Take Matt Ferstler, for example. This past weekend, I was at a cancer conference in San Diego with Matt who founded a testicular cancer organization called Single Jingles after losing a testicle to cancer in 2009. [clever name, right?]
Matt was supposed to fly in from Austin on Thursday night, and I had planned on picking him up at the airport until a massive power outage in San Diego caused his flight to be diverted to Phoenix. When he arrived in Phoenix at 8 PM he was told that no flights would be leaving for San Diego for the next 24 hours.
What did he do next? Well, instead of calling it quits and jumping on the next flight back home, Matt hopped into a rental car with a forty-six year old Romanian woman he met at the airport and drove seven Red Bull fueled hours to San Diego. He got in to the hotel at 3 AM , slept for a few hours and had his booth set up in the exhibit hall by 7:30 AM.
This is what I call being relentlessly dedicated to solving a problem. Matt’s singular mission [no pun intended] is to make sure all young men know the importance of self-exams by 2016. In other words he wants dudes to check their balls. For him, it’s personal, and he’s not going to let anything get in his way. People who are mission driven have this type of dedication.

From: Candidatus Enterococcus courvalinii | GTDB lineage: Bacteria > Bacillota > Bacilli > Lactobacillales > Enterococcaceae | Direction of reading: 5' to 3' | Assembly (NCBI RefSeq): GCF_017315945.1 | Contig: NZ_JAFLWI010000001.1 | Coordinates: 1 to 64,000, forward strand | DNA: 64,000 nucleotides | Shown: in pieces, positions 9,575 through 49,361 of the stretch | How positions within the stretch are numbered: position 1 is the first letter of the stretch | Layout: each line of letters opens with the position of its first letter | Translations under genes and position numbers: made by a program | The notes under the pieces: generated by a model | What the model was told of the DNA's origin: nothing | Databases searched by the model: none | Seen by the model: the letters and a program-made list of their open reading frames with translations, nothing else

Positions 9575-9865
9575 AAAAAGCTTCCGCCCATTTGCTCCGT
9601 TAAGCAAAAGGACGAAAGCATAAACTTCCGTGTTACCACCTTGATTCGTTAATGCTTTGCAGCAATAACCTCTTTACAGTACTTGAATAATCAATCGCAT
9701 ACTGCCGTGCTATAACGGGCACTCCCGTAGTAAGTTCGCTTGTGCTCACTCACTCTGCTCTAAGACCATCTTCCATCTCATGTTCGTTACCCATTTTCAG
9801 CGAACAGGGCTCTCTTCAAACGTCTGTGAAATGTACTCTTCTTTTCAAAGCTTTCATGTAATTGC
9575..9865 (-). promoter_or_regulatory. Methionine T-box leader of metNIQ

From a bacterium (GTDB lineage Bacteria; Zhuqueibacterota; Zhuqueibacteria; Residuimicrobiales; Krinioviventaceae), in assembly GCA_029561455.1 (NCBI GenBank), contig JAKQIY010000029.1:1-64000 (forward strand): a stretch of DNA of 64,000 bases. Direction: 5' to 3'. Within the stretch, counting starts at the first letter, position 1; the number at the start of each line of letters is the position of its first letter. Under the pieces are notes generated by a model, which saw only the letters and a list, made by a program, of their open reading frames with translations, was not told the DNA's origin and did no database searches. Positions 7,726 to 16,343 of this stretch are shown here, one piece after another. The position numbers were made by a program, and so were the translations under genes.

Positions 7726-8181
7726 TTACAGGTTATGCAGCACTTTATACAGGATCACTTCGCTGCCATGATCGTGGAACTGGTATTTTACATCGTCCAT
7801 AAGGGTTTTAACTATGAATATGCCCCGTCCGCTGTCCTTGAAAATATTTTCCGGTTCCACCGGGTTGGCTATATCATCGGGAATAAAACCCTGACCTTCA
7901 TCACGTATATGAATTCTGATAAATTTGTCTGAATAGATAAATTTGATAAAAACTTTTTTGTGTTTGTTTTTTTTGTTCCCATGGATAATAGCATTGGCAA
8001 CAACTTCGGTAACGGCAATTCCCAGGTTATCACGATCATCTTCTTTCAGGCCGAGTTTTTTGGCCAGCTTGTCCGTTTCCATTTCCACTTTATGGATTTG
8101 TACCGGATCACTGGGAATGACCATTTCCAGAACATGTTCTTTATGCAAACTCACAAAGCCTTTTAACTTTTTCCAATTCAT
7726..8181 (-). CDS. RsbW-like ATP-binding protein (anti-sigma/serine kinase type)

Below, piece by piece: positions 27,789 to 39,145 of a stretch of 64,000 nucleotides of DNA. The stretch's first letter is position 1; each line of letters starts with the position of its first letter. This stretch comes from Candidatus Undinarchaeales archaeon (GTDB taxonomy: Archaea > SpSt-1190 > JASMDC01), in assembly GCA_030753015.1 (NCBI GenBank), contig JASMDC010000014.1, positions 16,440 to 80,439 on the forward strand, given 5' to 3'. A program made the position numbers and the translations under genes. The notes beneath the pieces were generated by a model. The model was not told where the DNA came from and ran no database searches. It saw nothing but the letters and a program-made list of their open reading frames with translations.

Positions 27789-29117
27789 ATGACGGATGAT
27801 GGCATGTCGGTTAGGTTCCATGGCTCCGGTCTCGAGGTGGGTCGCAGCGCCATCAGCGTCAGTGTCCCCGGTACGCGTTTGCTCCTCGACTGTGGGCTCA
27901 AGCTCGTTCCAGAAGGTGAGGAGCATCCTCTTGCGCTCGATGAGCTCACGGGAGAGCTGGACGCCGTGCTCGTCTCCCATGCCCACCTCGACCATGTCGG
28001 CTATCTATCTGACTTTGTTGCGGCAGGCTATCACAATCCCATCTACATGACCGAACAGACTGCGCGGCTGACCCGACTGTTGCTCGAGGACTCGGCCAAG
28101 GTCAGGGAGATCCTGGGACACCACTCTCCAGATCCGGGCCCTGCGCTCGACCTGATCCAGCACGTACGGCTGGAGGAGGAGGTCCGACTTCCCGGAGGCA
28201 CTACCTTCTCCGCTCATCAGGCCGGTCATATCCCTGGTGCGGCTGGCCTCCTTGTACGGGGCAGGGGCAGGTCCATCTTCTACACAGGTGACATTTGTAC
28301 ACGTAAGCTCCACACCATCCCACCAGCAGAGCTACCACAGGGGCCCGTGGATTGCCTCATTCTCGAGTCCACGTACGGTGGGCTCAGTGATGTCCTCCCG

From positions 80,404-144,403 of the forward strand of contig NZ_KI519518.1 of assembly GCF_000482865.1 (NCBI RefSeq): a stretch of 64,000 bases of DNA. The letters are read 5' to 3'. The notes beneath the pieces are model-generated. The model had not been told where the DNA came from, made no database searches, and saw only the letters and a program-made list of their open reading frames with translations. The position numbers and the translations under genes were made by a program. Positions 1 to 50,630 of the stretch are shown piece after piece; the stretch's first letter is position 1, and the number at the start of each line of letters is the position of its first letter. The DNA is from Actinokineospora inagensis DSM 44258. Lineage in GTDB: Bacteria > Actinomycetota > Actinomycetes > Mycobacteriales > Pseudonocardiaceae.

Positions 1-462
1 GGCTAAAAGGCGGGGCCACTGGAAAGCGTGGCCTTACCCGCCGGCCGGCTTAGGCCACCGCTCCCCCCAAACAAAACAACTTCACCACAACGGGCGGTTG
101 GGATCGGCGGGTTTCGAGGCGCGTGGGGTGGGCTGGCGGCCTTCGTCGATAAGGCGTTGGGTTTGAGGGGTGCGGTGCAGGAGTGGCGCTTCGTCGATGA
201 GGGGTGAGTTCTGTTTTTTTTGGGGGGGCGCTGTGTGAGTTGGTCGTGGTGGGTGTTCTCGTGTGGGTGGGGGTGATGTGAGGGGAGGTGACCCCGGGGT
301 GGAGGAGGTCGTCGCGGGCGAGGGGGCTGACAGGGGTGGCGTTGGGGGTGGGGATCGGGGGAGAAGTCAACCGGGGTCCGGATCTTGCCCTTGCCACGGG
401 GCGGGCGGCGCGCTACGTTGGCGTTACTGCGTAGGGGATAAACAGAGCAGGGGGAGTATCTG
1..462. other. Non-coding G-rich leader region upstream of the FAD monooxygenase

On the other hand, I’ve noticed that people who are solely driven by money, don’t typically possess this same dedication. If your only goal is to make money, you’re not going to drive the seven hours with the random Romanian lady to a conference that may not even have electricity. It’s not rational or cost effective. Perhaps this is the big difference between successful and unsuccessful entrepreneurs. The passionate, mission driven entrepreneur is willing to ignore reason and do everything it takes to share her story. The, rational, money driven person treats the situation as a sunk cost, and flies home.
Now, of course I’m not saying that everyone has to lose a body part or have a lofty goal like curing cancer in order to be dedicated to their mission. But I will say that I am yet to see a successful entrepreneur whose primary motivation is to get rich. The type of relentless dedication that successful entrepreneurs all possess tends to come from a deep desire to solve a problem or make the world a tiny bit better in some unique way.